I've noticed a theme in conversations I've had with friends, clients, and colleagues lately.
"I get tired thinking about writing on my blog. I mean, who's going to care?"
"I'd love to start a blog, but there's so much pressure to be perfect. I don't think I know enough."
"I'm frustrated by low / no comments on my blog."
"Blogging has changed since I started. It used to be a great way to have conversations with people. Now all that happens on social media."
I believe a blog is an important part of your soulful business. I really do.
If you are in the first few years of your business you REALLY need to be blogging (for all the reasons in the post above), but here's the rub:
There is so little validation in the early stages of your blog, it can feel demoralizing at times.
I'm in that stage. And - get this - I'm 100% transparent about it AND totally cool with it.
Because I think we all could use a reality check;)
My 7th grade daughter and I were recently discussing a version of this topic after she relayed yet another tale of middle school drama. She's made choices to remove herself from the soap opera this year, but loves to observe it and then relay wild stories to me as we sit on the front steps after school munching on Pocky Sticks and sipping blueberry seltzer.
Here's what we've decided:
Being all Katniss involves more than having a sideways braid down the back of your head.
Katniss had to go through some serious shit.
Katniss had to work hard. So, so hard.
She had to practice and hone her skills (which stemmed from her natural interests).
She had to stand for something.
Even when things looked bleak.
Even when nothing made sense.
Especially, when it seemed no-one else was on her side.
I think we've become a culture addicted to validation.
So here's the reality check...
If you are waiting for someone to give you a thumbs up, a comment, a heart, a share, or a pin to give you permission to take another step, you'll always feel like crap.
Even when you're rockin' it.
Because when you give your power away to others as in...
I can't feel good about this until other people say it's good
you're sense of success is external.
And we all know external things can change at any moment, beyond our control, for no bloomin' reason.
Externally validated wins are like crack cocaine. The high is so damn high. It's bliss.
But after we sleep it off and come back down to earth, we start shaking with agitation, craving to feel that way again.
Don't misunderstand. I am not above this. Lord knows I fall into these pits of despair. (Not the cocaine ones, the blog cricket ones:). I think you'd have to be superhuman or totally detached from modern culture to NOT feel this way.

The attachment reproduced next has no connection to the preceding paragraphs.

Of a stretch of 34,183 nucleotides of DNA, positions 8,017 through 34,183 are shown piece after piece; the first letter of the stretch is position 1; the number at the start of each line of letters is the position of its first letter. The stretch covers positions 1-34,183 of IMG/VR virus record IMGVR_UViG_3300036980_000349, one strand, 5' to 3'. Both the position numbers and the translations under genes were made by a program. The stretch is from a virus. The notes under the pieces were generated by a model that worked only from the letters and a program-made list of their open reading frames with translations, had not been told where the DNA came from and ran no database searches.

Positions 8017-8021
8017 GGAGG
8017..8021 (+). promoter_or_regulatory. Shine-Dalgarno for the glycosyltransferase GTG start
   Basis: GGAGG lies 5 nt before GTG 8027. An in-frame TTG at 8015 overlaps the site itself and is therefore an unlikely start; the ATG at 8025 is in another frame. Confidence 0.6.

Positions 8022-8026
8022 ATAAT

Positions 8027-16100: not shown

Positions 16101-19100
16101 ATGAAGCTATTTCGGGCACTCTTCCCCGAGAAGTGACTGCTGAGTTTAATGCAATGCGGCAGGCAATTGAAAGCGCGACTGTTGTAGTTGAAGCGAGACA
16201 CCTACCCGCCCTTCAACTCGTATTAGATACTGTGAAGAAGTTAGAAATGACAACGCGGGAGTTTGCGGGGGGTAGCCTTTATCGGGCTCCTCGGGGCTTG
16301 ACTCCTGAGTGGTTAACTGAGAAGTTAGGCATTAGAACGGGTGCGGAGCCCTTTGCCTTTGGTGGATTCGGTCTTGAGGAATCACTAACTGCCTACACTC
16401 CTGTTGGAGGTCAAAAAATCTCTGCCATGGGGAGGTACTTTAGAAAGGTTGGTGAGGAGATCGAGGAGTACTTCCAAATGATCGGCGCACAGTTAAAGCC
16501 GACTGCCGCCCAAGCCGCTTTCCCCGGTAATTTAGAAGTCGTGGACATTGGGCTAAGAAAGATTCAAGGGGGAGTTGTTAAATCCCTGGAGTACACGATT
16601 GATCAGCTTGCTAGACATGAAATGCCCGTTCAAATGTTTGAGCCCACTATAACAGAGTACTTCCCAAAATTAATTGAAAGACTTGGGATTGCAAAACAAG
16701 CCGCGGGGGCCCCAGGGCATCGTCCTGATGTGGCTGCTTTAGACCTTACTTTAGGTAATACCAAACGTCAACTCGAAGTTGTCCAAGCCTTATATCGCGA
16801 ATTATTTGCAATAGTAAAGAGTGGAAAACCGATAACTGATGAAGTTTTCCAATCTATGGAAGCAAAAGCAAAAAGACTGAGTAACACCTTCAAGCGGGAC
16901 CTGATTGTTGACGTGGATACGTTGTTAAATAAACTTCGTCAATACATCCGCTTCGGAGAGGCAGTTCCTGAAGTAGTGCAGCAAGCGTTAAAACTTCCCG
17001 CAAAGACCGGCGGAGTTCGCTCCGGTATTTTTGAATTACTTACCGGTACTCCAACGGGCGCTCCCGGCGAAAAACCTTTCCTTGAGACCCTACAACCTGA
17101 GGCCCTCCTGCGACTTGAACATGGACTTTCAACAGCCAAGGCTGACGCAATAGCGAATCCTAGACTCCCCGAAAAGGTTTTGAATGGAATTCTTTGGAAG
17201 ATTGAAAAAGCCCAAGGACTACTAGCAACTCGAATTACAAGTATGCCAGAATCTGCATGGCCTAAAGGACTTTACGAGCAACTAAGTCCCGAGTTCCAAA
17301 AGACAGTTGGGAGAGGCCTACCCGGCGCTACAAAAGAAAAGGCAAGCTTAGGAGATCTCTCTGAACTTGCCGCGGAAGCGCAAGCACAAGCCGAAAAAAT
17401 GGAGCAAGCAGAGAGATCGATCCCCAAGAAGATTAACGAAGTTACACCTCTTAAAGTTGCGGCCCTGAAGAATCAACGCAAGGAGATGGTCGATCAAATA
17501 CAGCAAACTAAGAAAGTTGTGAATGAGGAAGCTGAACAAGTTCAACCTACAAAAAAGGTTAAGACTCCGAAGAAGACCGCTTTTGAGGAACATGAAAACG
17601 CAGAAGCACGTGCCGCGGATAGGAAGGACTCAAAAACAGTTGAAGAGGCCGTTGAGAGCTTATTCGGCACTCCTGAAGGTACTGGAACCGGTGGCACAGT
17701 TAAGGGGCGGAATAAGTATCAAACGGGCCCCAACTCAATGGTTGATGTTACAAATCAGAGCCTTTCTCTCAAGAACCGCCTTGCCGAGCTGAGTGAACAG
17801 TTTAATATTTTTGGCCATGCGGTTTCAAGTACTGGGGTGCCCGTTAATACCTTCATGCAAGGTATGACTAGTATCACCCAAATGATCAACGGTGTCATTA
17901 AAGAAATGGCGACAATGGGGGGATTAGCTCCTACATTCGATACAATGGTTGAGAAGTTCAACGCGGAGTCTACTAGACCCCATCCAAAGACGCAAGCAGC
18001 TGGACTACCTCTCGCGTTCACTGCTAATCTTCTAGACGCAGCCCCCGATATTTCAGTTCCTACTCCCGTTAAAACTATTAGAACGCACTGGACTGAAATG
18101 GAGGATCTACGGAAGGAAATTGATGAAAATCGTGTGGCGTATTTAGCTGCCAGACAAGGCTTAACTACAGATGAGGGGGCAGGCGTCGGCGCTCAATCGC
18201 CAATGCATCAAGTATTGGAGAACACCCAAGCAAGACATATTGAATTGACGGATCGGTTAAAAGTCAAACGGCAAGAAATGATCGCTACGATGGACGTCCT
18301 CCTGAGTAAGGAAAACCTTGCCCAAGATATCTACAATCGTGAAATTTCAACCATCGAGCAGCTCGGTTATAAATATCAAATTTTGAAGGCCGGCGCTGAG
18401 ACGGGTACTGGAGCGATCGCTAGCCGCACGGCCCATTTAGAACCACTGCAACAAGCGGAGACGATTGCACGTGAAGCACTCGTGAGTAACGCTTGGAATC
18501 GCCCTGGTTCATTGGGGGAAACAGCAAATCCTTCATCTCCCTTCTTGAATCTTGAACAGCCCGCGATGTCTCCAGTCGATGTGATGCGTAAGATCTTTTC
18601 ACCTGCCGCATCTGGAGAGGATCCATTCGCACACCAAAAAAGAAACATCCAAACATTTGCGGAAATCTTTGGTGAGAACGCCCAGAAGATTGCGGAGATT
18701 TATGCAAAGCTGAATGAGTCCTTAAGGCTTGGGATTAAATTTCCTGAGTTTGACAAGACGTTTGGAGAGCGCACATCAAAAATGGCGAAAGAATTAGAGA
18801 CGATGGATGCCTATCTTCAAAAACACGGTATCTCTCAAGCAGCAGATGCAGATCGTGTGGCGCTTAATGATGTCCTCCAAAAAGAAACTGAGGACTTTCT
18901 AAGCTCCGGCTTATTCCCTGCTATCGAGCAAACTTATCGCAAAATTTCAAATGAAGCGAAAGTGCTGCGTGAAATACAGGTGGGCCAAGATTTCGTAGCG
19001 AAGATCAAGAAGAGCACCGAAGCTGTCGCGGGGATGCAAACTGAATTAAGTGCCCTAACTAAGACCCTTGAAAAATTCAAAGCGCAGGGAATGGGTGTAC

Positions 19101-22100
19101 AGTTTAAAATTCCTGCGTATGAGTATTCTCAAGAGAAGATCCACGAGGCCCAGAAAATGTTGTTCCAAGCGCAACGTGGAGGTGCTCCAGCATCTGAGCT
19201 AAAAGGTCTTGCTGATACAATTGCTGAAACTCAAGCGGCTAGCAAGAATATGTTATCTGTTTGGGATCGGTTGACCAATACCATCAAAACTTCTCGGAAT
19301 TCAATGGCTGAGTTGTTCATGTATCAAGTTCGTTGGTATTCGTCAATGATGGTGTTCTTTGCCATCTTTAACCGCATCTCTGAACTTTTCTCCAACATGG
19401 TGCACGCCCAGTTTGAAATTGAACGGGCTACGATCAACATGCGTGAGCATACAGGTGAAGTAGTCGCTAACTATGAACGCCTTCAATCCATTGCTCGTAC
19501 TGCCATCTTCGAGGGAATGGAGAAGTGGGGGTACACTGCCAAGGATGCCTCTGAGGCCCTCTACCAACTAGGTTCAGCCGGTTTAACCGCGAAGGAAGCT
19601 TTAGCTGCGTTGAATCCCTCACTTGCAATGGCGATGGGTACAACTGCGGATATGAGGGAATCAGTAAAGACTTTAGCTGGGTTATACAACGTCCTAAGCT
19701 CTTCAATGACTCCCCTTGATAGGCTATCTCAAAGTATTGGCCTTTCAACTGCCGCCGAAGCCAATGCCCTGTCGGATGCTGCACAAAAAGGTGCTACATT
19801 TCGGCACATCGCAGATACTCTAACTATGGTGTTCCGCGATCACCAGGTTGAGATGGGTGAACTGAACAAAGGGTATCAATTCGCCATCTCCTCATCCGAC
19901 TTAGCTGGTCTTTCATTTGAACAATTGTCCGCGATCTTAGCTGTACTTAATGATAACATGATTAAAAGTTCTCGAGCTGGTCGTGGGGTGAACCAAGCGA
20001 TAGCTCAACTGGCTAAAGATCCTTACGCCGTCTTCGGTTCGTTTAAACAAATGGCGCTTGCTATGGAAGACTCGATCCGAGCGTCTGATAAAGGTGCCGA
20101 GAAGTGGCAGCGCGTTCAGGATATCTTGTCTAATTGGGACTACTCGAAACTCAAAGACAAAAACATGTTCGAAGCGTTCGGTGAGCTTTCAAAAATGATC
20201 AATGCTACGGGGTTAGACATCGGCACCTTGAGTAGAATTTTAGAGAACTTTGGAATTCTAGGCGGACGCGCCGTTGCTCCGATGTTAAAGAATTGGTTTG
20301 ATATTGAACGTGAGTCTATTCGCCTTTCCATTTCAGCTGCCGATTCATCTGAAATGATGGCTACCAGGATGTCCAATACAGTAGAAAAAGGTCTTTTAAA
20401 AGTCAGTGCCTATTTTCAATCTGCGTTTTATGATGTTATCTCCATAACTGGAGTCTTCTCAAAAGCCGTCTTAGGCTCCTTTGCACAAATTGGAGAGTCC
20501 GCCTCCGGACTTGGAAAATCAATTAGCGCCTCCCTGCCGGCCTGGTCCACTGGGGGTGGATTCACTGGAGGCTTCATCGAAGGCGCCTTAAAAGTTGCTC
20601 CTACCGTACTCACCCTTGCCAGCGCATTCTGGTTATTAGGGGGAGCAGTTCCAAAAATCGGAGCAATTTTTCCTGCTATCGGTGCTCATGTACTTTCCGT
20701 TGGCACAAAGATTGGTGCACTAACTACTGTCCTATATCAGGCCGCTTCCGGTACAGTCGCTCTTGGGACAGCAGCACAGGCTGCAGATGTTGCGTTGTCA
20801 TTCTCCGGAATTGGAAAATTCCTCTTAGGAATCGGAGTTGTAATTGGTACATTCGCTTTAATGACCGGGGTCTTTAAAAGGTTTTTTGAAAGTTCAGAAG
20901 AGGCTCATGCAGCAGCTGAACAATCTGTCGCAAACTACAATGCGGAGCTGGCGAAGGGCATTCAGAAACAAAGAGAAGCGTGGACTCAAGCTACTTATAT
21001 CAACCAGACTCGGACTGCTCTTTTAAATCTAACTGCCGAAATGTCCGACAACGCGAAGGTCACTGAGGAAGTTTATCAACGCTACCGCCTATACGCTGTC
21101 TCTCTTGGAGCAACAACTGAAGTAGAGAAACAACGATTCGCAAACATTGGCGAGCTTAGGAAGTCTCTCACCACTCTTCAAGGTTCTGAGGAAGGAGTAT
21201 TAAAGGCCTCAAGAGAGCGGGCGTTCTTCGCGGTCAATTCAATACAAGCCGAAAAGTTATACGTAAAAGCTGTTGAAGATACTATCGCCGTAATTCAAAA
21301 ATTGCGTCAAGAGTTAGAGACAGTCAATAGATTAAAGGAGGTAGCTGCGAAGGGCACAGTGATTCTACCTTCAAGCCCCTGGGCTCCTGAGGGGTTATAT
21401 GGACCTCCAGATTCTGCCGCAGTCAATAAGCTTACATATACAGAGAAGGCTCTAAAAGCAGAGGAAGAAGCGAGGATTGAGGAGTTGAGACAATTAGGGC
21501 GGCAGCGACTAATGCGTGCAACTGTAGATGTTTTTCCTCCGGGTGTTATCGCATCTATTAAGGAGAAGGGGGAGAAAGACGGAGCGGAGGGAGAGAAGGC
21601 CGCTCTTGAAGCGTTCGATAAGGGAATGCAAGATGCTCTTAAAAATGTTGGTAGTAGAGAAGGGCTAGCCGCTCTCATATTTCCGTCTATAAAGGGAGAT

Our work is to be completely aware of this and PRACTICE navigating it.
Here are some ways I am standing firm
in my commitment to this blog,
even when it feels like no-one gives a rip.
1 // DETACH FROM EXTERNAL STATS
I don't look at my Squarespace metrics dashboard or Google Analytics anymore. I only go onto social media when it feels like a good time to connect with people I care about.
I used to check stats and LIKES frequently and drove myself a little nuts wondering what I was doing wrong.
This energy seeped into my writing and affected the authenticity of my voice.
2 // GIVE UNCONDITIONALLY
That means, without any expectation of reciprocation. I love this approach to life in general.
When fear starts to creep in after I've hit publish, I know that I am not giving with the energy of unconditional love; and it's my job to consciously redirect my thoughts (much like I used to redirect my toddlers - back in the day - away from the tantrum-inducing candy aisle at the grocery store).
3 // REMEMBER WHO YOU'RE WRITING FOR
I write for people who are like me. People who are on a path similar to mine, but perhaps feel alone or would benefit from hearing about some of what I've learned along my journey.
My peeps (like me) are fairly introverted. They are silent obsessors. They love solitude, but have to be purposeful about not letting it turn into isolation (because it's a slippery slope from one to the other AND the latter is a creativity killer).
They have an inner wild child (that rebels against hypey things like "Nine Steps to Blah, Blah, Blah" and "Learn the Secrets to My Six Figure Blah!"); but they also have an inner dictator that pressures them to be as perfect as possible (which can keep them stuck in research and planning mode for BIG chunks of time).
My readers are less apt to leave comments after a blog post and more likely to take things into their hearts for contemplation. They send me private messages and personal emails instead.
4 // STAND FOR SOMETHING